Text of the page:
This is a scenario that often unfolds in the hours of gridlock that thousands happen upon in holiday travel. I-75 on the south side, for example, may have bumper-to-bumper traffic in either direction for 20 miles. There may not even be a cause for the jam, but traffic is sitting still. Suddenly, that Cracker Barrel sweet tea follows gravity’s nudge and lands at the end of the line. You’re miles away from the next exit and traffic still hasn’t moved.
This may seem like an elementary problem that requires a simple solution. Most people would say to hold it or to pull over and go. But neither choice is that simple.
First, waiting to relieve one’s self is only a true option if there is an end to the traffic jam in sight. But despite the niftiness of “ETA” features on GPS apps and devices, those fly out of the window when a freeway is completely shut down. Just last Wednesday, a tractor trailer fire and ensuing cleanup shut down almost all of I-75/southbound in Spalding County for hours. This hullabaloo in the middle of the post-Christmas exodus created more than two-hour delays. It also created bad enough northbound delays that a total stranger Facebooked me to tell me that people were in fact pulling over to use the woods.
Even though I-75/northbound was open and technically southbound had one lane open, people had no idea when they would reach the next exit with bathrooms. And the further one gets from Metro Atlanta, the longer the distances are between exits. But before bonding with nature, there are a few things to consider.
First, most states and cities have some form of public indecency laws. People have gotten popped with tickets and even felonies for public urination in the wrong places. So if nature calls with urgency, people should make an effort to get as far out of view as possible. The best bet is to try to get to the woods. But if this conundrum occurs in an area not near some natural partitions, antsy motorists must make some sort of effort to cover themselves.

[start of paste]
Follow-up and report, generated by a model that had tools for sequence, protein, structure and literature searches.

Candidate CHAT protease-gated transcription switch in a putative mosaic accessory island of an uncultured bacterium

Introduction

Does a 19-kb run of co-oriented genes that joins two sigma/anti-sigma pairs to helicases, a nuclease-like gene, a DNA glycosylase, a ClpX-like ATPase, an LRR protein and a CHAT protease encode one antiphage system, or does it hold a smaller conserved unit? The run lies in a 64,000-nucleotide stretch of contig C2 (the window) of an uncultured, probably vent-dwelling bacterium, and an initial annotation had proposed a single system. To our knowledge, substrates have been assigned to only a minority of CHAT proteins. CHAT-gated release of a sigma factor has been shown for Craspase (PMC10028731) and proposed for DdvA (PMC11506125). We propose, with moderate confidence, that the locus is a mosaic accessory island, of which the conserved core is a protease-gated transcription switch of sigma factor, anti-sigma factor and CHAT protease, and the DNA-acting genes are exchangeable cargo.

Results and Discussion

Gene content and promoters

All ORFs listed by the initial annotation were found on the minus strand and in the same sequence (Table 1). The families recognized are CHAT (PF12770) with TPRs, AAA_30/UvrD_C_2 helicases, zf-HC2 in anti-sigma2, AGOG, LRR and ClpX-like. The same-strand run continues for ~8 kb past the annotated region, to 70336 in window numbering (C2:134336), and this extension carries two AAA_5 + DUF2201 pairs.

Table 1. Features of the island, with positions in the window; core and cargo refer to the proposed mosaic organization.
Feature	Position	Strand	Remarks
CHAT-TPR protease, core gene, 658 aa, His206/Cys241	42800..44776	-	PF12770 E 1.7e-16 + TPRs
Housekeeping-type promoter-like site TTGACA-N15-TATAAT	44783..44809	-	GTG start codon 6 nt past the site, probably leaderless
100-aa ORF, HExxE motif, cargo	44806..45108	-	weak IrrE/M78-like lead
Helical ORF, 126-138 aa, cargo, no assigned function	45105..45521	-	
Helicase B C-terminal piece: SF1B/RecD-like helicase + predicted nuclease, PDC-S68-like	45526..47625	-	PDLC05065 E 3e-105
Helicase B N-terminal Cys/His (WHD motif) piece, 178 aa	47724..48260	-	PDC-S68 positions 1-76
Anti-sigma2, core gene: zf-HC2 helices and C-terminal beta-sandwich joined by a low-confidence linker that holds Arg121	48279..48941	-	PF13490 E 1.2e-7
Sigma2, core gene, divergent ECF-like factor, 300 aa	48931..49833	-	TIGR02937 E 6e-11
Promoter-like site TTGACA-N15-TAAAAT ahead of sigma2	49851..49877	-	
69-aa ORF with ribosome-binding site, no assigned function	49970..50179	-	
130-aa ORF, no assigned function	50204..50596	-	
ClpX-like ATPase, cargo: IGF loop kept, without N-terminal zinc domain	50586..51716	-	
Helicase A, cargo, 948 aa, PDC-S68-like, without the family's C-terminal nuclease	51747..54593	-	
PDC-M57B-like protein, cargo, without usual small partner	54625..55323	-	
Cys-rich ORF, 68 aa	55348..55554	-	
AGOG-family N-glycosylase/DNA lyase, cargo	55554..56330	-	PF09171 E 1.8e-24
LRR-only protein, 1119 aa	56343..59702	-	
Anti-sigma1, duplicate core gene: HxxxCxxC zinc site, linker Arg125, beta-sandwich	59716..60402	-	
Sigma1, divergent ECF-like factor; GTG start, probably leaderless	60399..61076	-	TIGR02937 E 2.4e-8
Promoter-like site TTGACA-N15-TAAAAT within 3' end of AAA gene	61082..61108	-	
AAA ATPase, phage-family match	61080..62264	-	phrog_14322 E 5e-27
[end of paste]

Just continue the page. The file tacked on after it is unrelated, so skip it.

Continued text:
People often have a fellow passenger hold up a blanket or towel and use the car door as another barrier. Not taking this effort is not only inconsiderate to those also stuck in the mess, but it could subject the lazy urinator to a ticket. Remember that whole indecency thing?
Several years ago, a listener called me in the WSB Traffic Center, while stuck in a horrible holiday backup on I-85 northeast of town. The poor woman was in tears, because she really had to pee and was more than a mile away from an exit and not moving. I felt awful for her and admittedly had never taken a call about this kind of predicament. She asked if she could drive for a mile on the shoulder up to the exit or try and call the police to escort her down the shoulder. She really had to go.
I told her that she was far more suited to try and pull over and go in the woods. Driving in the emergency lanes is for true emergencies. Someone driving a woman in labor to the hospital is an emergency. Rescue units rushing to a crash scene is an emergency. Emptying 20 ounces of Starbucks from one’s bladder is not. And when one car drives in the emergency lane, it invites others to do so and blocks the lane from being used for true emergencies. Don’t do that.
Truckers often use empty bottles, so they do not have to pull over on long trips. I advise against this also. For one, this really only works for men. That aside, truckers are above others in traffic, so no one can see them do their business. A motorist in a regular vehicle may not cover all of their privacy bases, if they try to relieve themselves in a bottle. And then people are prone to chucking these “pee bombs” out of the window and creating nasty litter. Imagine picking these up. Gross.
This thought exercise here should at least remind us all to be prepared. Keep napkins and hand sanitizer in the car, along with some snacks and water, in case a traffic RED ALERT gets us helplessly stuck. And if nature calls for desperate measures, we should execute those maneuvers with as much modesty and consideration as possible. Yes, safely pull over and go. No, don’t throw bottles out of windows or drive on the shoulders to find an exit. Happy travels and Happy New Year.
Doug Turnbull, the PM drive Skycopter anchor for Triple Team Traffic on News 95-5 FM and AM-750 WSB, is the Gridlock Guy. He also writes a traffic blog and hosts a podcast with Smilin’ Mark McKay on wsbradio.com. Contact him at Doug.Turnbull@coxinc.com.